BI’s Article search uses Boolean search capabilities. If you are not familiar with these principles, here are some quick tips.
To search specifically for more than one word, put the search term in quotation marks. For example, “workers compensation”. This will limit your search to that combination of words.
To search for a combination of terms, use quotations and the & symbol. For example, “hurricane” & “loss”.
A lawsuit against Sriracha went sour for the hot sauce maker when it lost its legal battle with its former jalapeno supplier, with a California jury awarding the pepper grower $23.3 million, CNBC.com reported on Friday.
For 28 years, Underwood Ranches provided Sriracha manufacturer Huy Fong Foods with the ripe red jalapeno peppers it needed for its famous sauce, according to the report chronicling how in 2017 that relationship ended bitterly when the two companies could not reach an agreement for the harvest that year.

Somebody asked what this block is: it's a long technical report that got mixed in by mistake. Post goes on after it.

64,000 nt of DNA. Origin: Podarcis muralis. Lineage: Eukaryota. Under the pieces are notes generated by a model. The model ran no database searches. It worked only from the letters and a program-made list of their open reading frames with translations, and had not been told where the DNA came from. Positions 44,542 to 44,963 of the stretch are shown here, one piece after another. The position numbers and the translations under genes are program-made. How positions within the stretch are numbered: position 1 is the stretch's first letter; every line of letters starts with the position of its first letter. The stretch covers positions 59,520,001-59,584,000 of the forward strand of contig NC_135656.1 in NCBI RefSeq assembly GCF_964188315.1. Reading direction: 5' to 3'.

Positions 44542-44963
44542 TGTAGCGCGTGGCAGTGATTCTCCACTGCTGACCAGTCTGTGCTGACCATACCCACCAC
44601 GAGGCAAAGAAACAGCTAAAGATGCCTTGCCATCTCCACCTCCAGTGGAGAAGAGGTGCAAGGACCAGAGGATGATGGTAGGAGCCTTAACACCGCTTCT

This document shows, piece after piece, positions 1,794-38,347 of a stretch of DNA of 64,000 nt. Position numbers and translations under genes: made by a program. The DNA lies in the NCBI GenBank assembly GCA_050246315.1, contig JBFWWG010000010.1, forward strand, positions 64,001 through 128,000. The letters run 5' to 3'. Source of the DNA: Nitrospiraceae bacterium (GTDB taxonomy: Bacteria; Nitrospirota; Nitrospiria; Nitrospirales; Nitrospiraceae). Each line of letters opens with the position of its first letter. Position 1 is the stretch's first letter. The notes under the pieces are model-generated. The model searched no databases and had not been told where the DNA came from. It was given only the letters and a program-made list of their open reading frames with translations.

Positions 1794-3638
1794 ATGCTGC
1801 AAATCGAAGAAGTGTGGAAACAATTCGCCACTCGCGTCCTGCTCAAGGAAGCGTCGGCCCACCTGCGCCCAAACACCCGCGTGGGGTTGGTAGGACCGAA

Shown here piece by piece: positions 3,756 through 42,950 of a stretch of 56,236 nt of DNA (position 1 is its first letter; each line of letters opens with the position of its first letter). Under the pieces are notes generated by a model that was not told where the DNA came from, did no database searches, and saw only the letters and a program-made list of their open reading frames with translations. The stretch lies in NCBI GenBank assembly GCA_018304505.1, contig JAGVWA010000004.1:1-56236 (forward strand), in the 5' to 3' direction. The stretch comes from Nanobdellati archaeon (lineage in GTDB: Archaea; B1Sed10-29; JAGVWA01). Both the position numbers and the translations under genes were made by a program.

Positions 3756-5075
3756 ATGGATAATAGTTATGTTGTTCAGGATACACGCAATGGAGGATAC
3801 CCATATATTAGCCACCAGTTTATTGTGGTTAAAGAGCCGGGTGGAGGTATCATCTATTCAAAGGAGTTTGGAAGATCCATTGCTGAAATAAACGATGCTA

Irwindale, California-based Huy Fong initially filed a lawsuit against the supplier in August 2017, accusing it of failing to return an overpayment of $1.4 million from the previous season. Underwood responded with a countersuit claiming breach of contract, according to the network news site.
The outcome? Not so sweet for Huy Fong after the jury on Wednesday awarded Underwood $10 million in punitive damages and $14.8 million to compensate for the two years of financial losses related to the abrupt dissolution of their working relationship. About $1.5 million was deducted for Huy Fong’s 2016 overpayment, according to CNBC.
“Those losses were real, so we’ve got a lot of ground to make up, but it was so emotionally rewarding to hear all of the jury members support us unanimously,” Craig Underwood, owner of Underwood Ranches, said in an interview with CNBC, adding that about half of the company’s employees were laid off as a result of the heated legal war between supplier and manufacturer.
Officials with Huy Fong have not commented.
Want safe roads? Brownsville, Texas, and Boise, Idaho, are the way to go, according to an annual study of safe roads in the United States.